They sent him to a less prestigious school and George had less homework but more time for hanging around with other guys and playing the guitar. He was wearing a grey suit and a grey hat. He spoke in a quiet voice. The man looked harmless but I understood that he would ruin my Sundays forever.

Well, he said that because it was classified, and he doesn’ t talk about classified briefings, he just stayed silent. So regardless of how this became public — and it seems like both Sanders and Trump are very unhappy that it did become public — it is public now that Russia is supportive of both

When the president is outrageous these days, many people can’t even be bothered to muster outrage. On Sunday morning, Trump approvingly retweeted (and then un-retweeted) a video in which a supporter of his shouted “White power!” several times. The clamor was lucky to make the Sunday talk shows, before fading away by midday. Even grotesque offensiveness is old news.

And Trump knows how important it is to entertain. He has admitted that he has tried to create his persona so as to grab attention. At a 2018 rally in Pennsylvania, in fact, he once riffed that the reason he didn’t act more “presidential” was because it would turn away audiences. “You know . . . how easy it is to be ‘presidential’?” he asked. “But you all would be out of here right now. You’d be so bored. . . .If I came [here] like a stiff, you guys wouldn’t be here tonight.”

Indeed, Trump’s instincts about the presidency rely pervasively on the idea that the president should be entertaining. The country, in Trump’s view, needs to be constantly transfixed on the president, or at least the president—if he is to be effective—needs to constantly be transfixing the country.

Trump's shaky start in Tulsa

  Trump's shaky start in Tulsa For the thousands of people in the audience it was the Elvis '68 Comeback Special. For the members of the press it was Fyre Festival. For the rest of us watching from home, it was a standard Donald Trump campaign rally. The president's appearance in Tulsa on Saturday, which did not quite fill the 19,000-seat indoor arena booked for it, is already being treated as a referendum on his re-election chances with voters in a state that he won by 36 percent four years ago.

You can ’ t make a silk purse out of a pig’s ear, or a likeable, electable Hillary out of a wooden sourpuss. But she comes across as a calculating ice queen. I think the public would’ve warmed far more to her if she had served Bill with divorce papers when in the White House.

5 He lost his house and now he has _____ to live. I didn’ t do anything wrong. Something, anyone, nowhere, etc. + to infinitive. I need something to do . I’m bored .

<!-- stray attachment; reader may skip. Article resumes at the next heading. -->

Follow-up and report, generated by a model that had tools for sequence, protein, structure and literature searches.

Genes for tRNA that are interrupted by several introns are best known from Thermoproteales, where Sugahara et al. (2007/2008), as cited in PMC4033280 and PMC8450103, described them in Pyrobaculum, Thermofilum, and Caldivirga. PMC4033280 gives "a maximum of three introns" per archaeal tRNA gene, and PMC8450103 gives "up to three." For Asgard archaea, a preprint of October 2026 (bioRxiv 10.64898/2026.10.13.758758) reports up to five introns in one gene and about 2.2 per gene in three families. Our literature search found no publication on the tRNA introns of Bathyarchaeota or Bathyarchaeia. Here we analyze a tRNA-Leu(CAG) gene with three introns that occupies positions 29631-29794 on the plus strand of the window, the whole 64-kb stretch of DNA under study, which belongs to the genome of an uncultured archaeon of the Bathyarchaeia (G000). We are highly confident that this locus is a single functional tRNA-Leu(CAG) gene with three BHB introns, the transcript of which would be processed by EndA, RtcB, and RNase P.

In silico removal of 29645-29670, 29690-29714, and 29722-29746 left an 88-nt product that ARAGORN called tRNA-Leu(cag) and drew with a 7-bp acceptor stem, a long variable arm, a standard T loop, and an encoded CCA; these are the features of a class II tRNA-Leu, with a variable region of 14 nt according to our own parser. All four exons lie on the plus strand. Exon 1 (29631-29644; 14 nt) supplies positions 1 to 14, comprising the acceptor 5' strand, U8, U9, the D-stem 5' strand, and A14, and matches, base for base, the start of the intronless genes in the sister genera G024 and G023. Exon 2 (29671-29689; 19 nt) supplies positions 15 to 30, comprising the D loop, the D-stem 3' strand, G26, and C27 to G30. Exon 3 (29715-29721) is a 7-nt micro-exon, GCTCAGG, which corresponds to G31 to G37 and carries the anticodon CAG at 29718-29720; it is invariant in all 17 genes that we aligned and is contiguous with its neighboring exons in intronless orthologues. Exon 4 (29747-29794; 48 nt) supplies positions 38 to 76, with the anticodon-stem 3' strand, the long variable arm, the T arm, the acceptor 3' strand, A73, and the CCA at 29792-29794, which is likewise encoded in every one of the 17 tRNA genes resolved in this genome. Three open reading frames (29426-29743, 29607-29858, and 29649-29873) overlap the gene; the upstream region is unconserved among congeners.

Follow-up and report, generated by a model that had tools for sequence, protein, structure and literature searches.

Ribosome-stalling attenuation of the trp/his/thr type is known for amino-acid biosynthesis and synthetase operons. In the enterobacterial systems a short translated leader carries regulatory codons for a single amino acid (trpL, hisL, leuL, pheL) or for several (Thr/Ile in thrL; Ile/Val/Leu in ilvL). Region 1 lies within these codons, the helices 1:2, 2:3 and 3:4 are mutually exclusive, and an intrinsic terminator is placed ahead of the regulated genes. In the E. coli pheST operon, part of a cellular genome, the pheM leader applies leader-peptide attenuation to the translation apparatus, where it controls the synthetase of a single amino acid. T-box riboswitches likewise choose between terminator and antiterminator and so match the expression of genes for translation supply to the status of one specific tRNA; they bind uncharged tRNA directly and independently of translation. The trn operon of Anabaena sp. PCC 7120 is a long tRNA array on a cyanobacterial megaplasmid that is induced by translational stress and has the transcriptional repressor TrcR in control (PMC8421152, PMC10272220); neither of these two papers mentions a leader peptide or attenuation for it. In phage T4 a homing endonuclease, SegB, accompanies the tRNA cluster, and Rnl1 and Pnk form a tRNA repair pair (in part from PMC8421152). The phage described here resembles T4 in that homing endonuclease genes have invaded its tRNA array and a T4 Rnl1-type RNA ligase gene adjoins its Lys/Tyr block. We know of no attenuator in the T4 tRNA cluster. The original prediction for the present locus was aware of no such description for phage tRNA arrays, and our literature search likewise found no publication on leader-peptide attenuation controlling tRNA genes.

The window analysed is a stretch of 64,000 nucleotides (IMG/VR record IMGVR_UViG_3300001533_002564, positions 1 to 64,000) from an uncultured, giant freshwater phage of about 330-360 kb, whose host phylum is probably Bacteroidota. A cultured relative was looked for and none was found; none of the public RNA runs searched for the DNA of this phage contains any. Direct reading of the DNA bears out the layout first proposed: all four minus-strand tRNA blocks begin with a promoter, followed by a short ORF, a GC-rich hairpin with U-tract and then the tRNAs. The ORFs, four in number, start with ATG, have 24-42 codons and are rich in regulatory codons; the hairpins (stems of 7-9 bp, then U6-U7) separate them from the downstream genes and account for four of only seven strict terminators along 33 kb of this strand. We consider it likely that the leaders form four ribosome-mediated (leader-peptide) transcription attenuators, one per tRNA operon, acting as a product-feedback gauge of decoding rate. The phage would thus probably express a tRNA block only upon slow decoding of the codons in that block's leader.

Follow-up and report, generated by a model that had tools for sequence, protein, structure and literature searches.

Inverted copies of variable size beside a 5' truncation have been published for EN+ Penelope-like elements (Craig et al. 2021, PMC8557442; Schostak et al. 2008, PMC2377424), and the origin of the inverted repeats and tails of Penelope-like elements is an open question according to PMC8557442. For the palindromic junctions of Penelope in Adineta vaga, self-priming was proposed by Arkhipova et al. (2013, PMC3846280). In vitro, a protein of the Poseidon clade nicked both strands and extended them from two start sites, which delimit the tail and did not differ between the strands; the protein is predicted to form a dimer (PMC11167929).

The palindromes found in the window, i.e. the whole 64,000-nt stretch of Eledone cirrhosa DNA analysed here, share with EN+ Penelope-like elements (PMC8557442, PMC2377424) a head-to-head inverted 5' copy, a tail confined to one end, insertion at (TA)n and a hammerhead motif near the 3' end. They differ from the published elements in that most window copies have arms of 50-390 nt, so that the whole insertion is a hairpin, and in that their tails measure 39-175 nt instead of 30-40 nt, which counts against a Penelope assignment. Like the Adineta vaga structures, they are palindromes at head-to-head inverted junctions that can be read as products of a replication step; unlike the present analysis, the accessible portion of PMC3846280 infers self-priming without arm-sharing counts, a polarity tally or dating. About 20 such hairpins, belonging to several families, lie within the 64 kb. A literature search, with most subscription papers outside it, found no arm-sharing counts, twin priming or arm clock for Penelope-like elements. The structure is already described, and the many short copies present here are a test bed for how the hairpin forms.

And Trump has long known as well what happens when one becomes boring. As the New York Times television critic James Poniewozik wrote in his book, Audience of One, describing how Trump’s obsession with television made and shaped his presidency:

[Trump] knew what the red light [of the television camera] wanted, because it was just like him. It didn’t care what you had given it before, only what you would give it next. If you didn’t have anything for it, you stopped existing until you did … If he kept the red light sated, it would help him. The red light put you into the unreal estate of TV, the place that was everywhere, that was better than the real world. When it turned off, you died, a little bit.

Yes, the Trump show still has its core fans, and a lot of them don’t seem to notice that Season 4 just doesn’t have the zest and sparkle of the previous seasons. But outside the fandom, a lot of people have stopped watching. And the ratings are down.

[David A. Graham: Trump can’t bluff his way out of this]

The White House seems to be road testing some efforts to revive the ratings. Most prominently, Trump has zeroed in on debates over the removal of Confederate monuments and other statues of historical figures with racist legacies. He sent out 15 tweets broadcasting efforts by the U.S. Park Police to identify protesters who vandalized a statue of Andrew Jackson that sits near the White House—some of which he then retweeted days later. And he signed an angry executive order on “Protecting American Monuments,” which had little practical effect but lambasted “left-wing extremists” as adherents to Marxism. Announcing how “tough” his administration has been toward protests over statues, he described to Fox News’ Sean Hannity his feeling that “we should let people know we’ve arrested a lot of people.” Meanwhile, Axios reports that the Trump campaign is attempting to tie Biden to these protests by suggesting that the former vice president is too weak to keep statues from being toppled—a somewhat strange argument, given that the statues have come down under Trump’s own watch.

A judge refuses to block a book on the Trump family secrets